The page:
“We have some examples of people who have experienced full freedom, even with limited possibilities of locomotion. Mahatma Gandhi, in his peaceful march for the independence of India, once, in a conversation with the English general who had threatened to keep him indefinitely in the prison where he was kept, if he continued to disobey the determinations imposed by the powerful British Empire, declared himself freer than the military man himself, now his jailer, and even more than the Queen of England. They could silence his voice, never his choices; they could gag his mouth, never his mind; they could prevent him from embracing another person by keeping him in a solitary cell, never from loving whoever he wanted; they could keep him away from the world, never from himself. With a slender body and a giant soul, Gandhi embodied the perfect metaphor of the indomitable flower of a fragility that was only apparent. He was a flower for refusing to use any kind of violence, whether physical or moral, to manifest his will. He was indomitable because he knew that it was impossible to imprison a truly free spirit. He didn’t fear the fear itself”.

“Another memorable personification of freedom as a plenitude was the dialogue between Nero, the powerful emperor, and Paul of Tarsus, the apostle, when the latter was imprisoned in the dungeons of Rome. The humble wanderer was imprisoned on the charge of misleading the people by propagating the messages of love he had once learned. He was a man incapable of any gesture of violence, who possessed nothing but the rags of cloth he wore. His crime was to ask people to love one another. Even in the face of ill-treatment in prison, he was threatened with even more cruel torture, and even death, if he did not confess a crime he had not committed and insisted on talking about love. Paul replied, without any trace of arrogance, with the serenity that accompanied him in the last years of his existence, that despite all the power enjoyed by the emperor, he was beyond the reach of any evil practised by the ruthless monarch. Before an astonished Nero, the apostle explained that only his body could remain wounded or bound, for his soul was in a place unreachable to the hands and sentences of the Roman dictator.” Li Tzu paused again and commented, “Of course, Nero must have understood nothing. But, without doubt, it was an exponential manifestation of freedom. Because he felt no fear of life, Paul won life. He was also a beautiful and rare wild orchid.”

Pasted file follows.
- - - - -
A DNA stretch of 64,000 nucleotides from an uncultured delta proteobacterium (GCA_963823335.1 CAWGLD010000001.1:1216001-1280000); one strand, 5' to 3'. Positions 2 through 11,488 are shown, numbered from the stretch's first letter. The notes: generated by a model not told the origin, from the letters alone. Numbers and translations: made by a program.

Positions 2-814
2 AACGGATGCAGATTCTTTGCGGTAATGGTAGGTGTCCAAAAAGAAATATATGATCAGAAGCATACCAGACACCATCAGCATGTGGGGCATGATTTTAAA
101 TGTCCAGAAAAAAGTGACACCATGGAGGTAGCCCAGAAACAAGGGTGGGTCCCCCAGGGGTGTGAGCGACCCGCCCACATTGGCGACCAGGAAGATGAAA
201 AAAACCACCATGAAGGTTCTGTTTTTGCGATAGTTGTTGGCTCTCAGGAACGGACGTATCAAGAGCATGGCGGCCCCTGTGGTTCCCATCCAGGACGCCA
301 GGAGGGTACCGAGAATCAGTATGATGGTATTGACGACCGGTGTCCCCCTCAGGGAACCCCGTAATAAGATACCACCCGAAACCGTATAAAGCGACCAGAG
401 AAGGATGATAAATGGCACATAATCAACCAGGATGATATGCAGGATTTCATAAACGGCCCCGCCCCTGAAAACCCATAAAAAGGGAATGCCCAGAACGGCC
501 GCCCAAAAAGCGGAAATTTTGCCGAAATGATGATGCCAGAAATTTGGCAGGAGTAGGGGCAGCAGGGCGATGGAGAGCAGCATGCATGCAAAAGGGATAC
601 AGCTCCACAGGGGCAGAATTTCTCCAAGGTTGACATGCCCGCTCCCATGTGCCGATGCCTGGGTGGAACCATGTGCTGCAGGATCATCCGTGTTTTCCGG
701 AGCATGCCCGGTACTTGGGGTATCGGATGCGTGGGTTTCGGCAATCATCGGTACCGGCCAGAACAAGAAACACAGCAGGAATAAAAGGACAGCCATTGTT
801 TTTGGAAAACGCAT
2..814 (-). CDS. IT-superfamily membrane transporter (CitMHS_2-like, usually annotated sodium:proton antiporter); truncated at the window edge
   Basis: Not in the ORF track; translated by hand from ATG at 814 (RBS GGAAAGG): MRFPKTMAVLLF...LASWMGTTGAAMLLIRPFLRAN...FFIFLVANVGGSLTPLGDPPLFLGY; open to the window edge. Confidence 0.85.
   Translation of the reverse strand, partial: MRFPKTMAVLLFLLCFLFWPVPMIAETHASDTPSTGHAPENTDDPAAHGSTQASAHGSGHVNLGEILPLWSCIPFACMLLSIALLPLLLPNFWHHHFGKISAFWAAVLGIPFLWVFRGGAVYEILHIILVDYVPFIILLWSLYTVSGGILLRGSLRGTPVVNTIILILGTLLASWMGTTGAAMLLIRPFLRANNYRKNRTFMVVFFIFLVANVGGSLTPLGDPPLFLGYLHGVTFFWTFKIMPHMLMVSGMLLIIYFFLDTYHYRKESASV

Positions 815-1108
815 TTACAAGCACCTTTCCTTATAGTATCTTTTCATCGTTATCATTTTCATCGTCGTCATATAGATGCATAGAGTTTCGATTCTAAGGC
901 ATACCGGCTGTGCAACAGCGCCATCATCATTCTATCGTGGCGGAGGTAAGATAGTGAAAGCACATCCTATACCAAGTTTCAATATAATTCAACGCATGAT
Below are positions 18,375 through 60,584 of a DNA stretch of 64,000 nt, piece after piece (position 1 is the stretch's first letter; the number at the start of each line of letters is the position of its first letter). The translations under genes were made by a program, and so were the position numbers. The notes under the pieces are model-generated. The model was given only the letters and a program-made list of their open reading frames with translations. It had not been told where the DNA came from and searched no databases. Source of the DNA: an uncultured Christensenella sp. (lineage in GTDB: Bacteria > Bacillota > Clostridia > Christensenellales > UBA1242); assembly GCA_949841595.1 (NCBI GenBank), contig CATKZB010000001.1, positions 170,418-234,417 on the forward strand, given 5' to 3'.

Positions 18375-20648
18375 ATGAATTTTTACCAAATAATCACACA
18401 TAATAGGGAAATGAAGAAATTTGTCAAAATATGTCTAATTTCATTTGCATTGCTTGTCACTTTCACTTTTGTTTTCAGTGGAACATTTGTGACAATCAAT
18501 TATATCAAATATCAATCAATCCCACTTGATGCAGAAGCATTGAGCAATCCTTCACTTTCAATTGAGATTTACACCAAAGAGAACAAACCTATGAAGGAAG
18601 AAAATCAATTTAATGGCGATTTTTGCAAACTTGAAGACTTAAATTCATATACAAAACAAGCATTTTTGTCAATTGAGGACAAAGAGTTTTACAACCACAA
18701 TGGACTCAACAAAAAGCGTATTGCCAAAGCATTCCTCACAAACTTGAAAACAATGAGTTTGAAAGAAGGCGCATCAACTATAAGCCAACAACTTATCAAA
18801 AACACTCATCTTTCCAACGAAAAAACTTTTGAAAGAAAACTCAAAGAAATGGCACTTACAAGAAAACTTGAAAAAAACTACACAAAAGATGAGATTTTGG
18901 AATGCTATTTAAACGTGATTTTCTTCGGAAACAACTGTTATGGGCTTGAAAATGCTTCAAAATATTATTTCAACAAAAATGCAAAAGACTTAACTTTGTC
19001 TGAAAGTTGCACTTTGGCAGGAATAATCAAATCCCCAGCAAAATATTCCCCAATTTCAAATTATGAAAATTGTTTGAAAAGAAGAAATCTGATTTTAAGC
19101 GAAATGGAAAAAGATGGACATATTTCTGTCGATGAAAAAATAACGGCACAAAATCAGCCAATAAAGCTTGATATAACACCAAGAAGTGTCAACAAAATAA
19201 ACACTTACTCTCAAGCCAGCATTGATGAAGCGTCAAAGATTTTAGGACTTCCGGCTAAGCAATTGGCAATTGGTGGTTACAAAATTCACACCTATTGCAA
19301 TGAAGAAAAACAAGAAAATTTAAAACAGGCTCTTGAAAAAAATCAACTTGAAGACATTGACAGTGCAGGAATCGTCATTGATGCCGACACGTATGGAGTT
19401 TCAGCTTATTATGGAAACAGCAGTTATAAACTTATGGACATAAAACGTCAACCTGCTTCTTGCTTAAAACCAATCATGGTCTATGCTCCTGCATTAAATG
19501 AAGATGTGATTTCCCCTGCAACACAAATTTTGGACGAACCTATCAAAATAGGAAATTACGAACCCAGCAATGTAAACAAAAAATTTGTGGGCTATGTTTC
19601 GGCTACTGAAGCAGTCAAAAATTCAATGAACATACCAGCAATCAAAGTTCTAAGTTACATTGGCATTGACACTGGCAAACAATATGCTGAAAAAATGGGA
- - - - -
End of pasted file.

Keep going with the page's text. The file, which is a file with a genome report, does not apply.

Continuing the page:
“For its inherent beauty, delicacy and sensitivity, freedom presents itself as a flower.”

“Because it is on the margins of cultural, social and ancestral conditioning; because it lies beyond prejudice, worldly laws and powers of a political and financial nature, freedom is marginal. Exercised through interpersonal relationships, without the need for any aggressive reaction, it manifests itself in the meek but firm attitude when faced with undue attempts at domination by others or the usurpation of personal power which connects us to the infinite, the choices. A yes or a no that springs from the truth of a mature soul is enough. A soul that is enriched in virtues as it knows itself and recognises itself in the world.”

“Since the pillars of plenitudes are the virtues, one does not reach freedom without going through the portals of humbleness, compassion, sincerity, courage and love.”